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RGCA118 08-29-2010 08:21 PM

Autism and Seizure Activity
 
My daughter is 11 and was diagnonsed with Autism about 8 years ago. Prior to her diagnosis she had a seizure disorder for 2 years. She never responded to drug therapy and thankfully her seizures stopped on their own. She went 6 years seizure free/medication free but recently the seizures have returned. Her seizures are grand mals and we attempted one more medication last month. She became so much worse from the side effects and the seizures were not controlled. Our neurologist is wanting to try Lamictil as a last resort...but there are so many horrible accounts of children and their reaction to this drug. We think the seizures are hormonal - and oddly, they only occur when she is coming out of sleep in the early morning hours of when she is in a vehicle (visual stimulation?). I find this very odd but her neurologist doesn't seem to think its strange at all. If you have any similar experiences, I would love to hear.

Mira11 08-30-2010 01:48 AM

Re: Autism and Seizure Activity
 
I have heard that when in a car, some seizures can be induced by the flickering of the sun through trees or houses or buildings so that might be what is going on. Perhaps try very darkened sun glasses to see if that helps.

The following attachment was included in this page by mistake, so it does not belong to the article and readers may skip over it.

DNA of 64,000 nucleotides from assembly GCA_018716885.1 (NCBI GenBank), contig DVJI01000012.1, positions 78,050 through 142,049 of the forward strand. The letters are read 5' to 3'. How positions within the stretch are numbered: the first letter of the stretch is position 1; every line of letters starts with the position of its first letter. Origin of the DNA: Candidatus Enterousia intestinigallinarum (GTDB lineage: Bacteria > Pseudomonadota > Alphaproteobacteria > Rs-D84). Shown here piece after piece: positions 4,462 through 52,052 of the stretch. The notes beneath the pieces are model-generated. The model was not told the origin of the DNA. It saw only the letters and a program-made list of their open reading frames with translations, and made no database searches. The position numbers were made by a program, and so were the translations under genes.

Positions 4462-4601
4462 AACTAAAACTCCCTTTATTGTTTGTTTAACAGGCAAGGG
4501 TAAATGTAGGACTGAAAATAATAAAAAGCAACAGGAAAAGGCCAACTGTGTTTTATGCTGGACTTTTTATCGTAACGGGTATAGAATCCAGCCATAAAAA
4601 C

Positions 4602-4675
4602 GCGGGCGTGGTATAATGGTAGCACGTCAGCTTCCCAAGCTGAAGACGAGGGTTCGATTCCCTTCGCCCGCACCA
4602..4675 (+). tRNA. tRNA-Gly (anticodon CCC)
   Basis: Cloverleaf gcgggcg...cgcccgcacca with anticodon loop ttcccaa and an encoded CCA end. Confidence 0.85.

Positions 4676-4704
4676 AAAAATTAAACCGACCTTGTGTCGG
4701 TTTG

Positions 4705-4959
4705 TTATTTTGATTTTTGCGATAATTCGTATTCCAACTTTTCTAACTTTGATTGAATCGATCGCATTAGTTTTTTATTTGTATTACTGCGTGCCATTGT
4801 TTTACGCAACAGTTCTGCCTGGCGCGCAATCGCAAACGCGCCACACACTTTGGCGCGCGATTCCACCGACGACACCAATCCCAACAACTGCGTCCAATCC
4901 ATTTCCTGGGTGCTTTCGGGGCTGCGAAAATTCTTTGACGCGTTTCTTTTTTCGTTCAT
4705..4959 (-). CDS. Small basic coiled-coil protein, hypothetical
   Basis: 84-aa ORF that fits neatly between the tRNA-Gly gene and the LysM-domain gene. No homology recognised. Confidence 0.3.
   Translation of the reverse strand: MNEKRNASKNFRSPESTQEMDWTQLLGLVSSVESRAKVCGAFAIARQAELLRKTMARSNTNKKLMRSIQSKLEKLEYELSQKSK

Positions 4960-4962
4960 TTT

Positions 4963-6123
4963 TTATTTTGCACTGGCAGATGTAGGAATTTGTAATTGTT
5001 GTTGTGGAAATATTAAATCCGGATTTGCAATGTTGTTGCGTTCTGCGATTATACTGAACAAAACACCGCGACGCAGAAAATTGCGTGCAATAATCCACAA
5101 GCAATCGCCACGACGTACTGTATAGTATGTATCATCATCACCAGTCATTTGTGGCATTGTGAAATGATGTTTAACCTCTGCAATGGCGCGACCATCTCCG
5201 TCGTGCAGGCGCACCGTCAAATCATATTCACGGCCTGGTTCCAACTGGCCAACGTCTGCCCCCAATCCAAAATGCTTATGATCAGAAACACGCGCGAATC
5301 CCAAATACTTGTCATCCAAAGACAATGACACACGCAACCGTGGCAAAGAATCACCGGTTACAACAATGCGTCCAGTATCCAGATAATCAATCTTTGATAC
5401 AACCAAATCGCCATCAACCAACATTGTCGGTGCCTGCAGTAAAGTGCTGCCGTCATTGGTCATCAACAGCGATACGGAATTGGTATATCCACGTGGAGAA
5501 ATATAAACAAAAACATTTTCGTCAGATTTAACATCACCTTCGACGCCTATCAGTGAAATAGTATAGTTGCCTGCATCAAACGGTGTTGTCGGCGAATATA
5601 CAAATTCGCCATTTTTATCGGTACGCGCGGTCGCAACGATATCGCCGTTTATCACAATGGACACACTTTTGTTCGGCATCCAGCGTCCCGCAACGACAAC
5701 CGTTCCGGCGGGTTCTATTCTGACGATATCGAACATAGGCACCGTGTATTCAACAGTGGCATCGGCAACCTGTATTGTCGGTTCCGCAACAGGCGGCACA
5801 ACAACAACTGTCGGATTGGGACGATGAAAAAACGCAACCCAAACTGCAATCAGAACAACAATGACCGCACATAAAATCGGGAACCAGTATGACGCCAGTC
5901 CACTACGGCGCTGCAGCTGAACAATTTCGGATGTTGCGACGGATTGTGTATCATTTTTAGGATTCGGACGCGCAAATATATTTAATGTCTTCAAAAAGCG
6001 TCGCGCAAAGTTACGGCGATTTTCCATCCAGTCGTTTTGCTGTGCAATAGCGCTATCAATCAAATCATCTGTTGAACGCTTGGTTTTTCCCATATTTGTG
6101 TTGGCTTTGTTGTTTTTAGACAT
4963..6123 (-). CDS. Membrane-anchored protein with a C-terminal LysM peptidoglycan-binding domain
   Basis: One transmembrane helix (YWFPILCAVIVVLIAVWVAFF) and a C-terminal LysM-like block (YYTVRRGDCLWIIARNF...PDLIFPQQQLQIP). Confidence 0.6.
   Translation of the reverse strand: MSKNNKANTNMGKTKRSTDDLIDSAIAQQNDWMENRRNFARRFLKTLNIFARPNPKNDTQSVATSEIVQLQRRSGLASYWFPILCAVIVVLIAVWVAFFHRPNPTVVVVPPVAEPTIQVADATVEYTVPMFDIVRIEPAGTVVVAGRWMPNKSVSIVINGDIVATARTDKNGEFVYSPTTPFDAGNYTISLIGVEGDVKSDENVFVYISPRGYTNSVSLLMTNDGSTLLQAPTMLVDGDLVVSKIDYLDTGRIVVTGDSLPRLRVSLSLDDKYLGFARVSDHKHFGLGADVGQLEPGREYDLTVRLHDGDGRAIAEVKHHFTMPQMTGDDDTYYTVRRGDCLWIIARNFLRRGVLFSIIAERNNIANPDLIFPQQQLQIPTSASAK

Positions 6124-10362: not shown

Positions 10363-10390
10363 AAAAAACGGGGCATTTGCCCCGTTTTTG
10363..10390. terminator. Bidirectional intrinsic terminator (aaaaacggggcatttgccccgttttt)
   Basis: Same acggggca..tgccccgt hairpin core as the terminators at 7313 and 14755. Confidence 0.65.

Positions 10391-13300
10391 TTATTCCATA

And in the morning, adjusting to the visual stimuli might be another issues. Do you have darkened curtains in the room? Try this and a very dim lamp light as she is awakening.

Can't help you with lamictal but I hope you get the answers you are looking for.

Brocallie 08-30-2010 08:58 AM

Re: Autism and Seizure Activity
 
My daughter is 13, has Asperger's and takes Lamictal for mood disorder NOS. She's had no problems with it and it has worked wonderfully for our purpose. The key is to increase slowly and of course do not continue giving the drug if you see a rash until it's been checked by your doctor. There has been recent news about an increased chance of aseptic meningitis with Lamictal as well, but it's important to note that while miserable, aseptic meningitis is not the fatal kind of meningitis you hear about on the news and 49 cases out of the hundreds of thousands of people who use the drugs is pretty rare.

Good luck with your decision.


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